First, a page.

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Mitt Romney's Plan to Woo Female Voters: Pretend Women Are Very Stupid

Romney seems to assume that women don't care about sexual rights. But reproductive issues impact almost all women.
 
 
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Mitt Romney has finally accepted that he has lady problems. After blithely dismissing suggestions that he might lose female voters by embracing radical antichoice positions that extend beyond just merely opposing abortion rights into attacking contraception, Romney has finally had to face up to a rapidly widening gender gap in the polls. One poll has Obama besting Romney in a dozen critical states by 18 points with female voters. Female voters seem to be hearing the Democratic claim that Republicans are waging a war on women, most likely because there’s heavy evidence showing that’s exactly what’s going on.

In response, Romney’s strategy has been to argue, “Nuh-uh! It’s you guys who are waging a war on women!” To shore up this childish and farcical argument, Romney’s team is hiding behind Ann Romney, pretending she’s being victimized for her sainted motherhood. More disturbingly, the campaign has circulated the claim that women have suffered massive job losses under Obama, implying that Obama is pretty much out to separate the female worker from her job. The implication is that women are too busy worrying about economic concerns to pay much mind to the Republican assault on reproductive rights and that Romney somehow is a better sell to women on economics.

The most obvious problem with this argument is that it’s just not true.  It relies on a deliberate misreading of the jobs data that shows that both men and women took heavy job losses because of the recession that happened on Bush’s watch. It’s just that women’s jobs were slashed a little more slowly, which says nothing about Obama’s policies.

Unfortunately, facts don’t matter very much in politics, which is no doubt why Romney hopes this attack will work. But even if you set aside the facts, the claim that women don’t care about contraception, because they’re too busying worrying about jobs, simply doesn’t fly. It contains three assumptions about how voters understand the issues: That economics is a simple issue, that voters don’t really care about sexual rights and that voters — at least female voters — are just plain stupid. All three of these assumptions are false, and Romney’s strategy is likely to backfire because of it.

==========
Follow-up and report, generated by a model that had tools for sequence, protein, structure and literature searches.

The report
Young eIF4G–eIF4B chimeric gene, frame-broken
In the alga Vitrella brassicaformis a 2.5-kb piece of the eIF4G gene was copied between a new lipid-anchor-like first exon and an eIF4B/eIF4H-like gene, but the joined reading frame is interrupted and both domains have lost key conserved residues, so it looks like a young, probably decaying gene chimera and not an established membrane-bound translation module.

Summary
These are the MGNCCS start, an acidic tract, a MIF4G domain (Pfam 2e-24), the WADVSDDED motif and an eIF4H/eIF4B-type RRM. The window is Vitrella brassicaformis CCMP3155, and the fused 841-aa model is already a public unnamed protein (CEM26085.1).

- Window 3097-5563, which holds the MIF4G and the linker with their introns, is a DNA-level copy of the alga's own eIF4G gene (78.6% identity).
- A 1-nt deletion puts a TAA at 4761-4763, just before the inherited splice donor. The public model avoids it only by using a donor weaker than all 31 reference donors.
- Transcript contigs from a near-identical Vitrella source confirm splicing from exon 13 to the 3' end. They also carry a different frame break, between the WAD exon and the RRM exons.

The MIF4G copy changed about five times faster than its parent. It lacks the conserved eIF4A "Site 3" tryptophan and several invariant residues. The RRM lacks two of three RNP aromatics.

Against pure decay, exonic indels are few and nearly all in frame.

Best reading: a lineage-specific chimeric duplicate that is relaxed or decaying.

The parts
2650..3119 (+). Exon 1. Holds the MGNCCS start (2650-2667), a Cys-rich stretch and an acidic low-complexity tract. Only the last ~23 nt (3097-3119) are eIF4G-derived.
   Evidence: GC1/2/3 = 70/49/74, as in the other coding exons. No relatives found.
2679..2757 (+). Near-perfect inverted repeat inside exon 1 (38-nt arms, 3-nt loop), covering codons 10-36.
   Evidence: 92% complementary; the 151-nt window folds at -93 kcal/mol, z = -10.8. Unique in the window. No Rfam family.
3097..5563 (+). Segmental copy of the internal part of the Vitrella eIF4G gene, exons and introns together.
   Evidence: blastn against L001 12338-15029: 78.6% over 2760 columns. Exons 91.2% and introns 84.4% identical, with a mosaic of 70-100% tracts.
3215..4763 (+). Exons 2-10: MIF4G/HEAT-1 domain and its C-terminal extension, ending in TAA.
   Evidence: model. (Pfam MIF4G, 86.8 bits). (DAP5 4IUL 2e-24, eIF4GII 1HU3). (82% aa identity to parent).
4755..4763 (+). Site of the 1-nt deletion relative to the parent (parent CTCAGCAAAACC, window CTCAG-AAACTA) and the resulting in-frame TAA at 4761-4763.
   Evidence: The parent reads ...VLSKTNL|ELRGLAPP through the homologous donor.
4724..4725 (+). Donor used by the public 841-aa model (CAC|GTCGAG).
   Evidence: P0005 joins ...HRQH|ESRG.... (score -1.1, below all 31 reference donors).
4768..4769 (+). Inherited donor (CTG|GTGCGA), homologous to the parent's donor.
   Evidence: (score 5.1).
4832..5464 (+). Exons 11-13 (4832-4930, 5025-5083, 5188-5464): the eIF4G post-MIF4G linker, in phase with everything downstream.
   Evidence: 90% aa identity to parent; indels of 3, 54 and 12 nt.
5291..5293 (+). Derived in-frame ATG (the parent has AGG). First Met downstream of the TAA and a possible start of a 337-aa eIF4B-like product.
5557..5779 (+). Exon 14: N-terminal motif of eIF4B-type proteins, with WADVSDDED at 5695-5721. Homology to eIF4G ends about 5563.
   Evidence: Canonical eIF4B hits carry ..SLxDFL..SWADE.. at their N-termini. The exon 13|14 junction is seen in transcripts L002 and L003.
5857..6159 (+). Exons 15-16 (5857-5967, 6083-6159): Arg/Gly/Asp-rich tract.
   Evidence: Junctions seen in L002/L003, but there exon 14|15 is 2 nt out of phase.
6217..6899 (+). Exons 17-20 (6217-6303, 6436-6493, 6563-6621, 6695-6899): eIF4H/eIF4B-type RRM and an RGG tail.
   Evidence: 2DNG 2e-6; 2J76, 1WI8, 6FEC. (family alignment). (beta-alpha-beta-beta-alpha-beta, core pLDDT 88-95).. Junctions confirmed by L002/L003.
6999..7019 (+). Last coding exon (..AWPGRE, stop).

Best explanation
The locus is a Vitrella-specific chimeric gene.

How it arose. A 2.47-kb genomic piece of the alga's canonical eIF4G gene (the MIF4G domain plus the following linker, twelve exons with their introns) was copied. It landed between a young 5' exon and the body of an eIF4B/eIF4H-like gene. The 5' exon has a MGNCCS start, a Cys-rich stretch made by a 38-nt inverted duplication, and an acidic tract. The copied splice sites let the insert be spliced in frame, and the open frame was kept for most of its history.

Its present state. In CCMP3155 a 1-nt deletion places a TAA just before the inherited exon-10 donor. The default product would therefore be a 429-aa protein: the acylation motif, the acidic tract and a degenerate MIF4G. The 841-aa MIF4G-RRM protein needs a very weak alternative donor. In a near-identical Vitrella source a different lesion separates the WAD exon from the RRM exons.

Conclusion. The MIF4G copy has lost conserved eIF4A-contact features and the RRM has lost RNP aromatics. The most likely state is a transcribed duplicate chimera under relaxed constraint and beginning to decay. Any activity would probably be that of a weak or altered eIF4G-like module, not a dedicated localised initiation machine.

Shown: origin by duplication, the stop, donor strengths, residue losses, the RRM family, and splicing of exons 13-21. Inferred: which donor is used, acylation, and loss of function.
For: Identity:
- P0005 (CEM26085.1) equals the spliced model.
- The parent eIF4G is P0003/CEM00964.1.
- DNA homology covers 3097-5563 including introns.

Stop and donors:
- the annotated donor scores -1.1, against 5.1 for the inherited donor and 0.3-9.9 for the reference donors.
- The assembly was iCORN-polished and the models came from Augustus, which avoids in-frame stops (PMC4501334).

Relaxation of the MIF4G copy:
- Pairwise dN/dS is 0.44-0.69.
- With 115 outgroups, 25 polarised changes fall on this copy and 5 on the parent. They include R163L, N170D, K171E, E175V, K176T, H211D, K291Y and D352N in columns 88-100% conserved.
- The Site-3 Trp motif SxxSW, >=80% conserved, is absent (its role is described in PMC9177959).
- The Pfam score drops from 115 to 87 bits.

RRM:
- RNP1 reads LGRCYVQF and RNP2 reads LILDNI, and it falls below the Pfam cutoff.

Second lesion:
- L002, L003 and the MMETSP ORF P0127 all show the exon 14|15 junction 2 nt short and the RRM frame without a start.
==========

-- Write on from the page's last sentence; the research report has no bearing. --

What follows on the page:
First of all, the argument that female voters care about jobs and not contraception assumes incorrectly that the two are separate issues. Romney has fallen into the Republican framework around the issue of contraception, assuming that it’s just about sexually overactive young women wanting to get it on without “consequences” and that it has no real dimensions outside of the sexual ones. This is a grave error. Yes, contraception is about sex, but as a policy issue, it’s primarily an economic concern that’s inseparable from other concerns around housing, jobs and health care.

In the real world, concerns about employment and contraception are thoroughly intertwined for female voters. Women’s primary concerns when they elect to use contraception are typically economic. Women use contraception to time their pregnancies around economic considerations, waiting to complete education and to find secure employment before having babies, knowing that getting pregnant beforehand can seriously hurt future employment prospects. In addition, unintended pregnancy is hurting your pocketbook one way or another. Either you have to pony up for the abortion or have an extremely expensive baby. At its core, contraception is an economic issue.

In general, female voters tend to be more sensitive to suggestions that politicians don’t care about the real world concerns of everyday people. Even for women who don’t necessarily need contraception at this point in their lives, Romney’s bone-headed unwillingness to admit that it’s an important part of women’s health care or to understand that it’s not always the easiest thing in the world to get suggests that he’s just out of touch. In this sense, the contraception issue is a good stand-in for women’s larger desire to see politicians who actually get what it’s like for ordinary people running households. If you don’t get why women might want to time their pregnancies, you don’t understand the first thing about what economics looks for ordinary people trying to run households.

 
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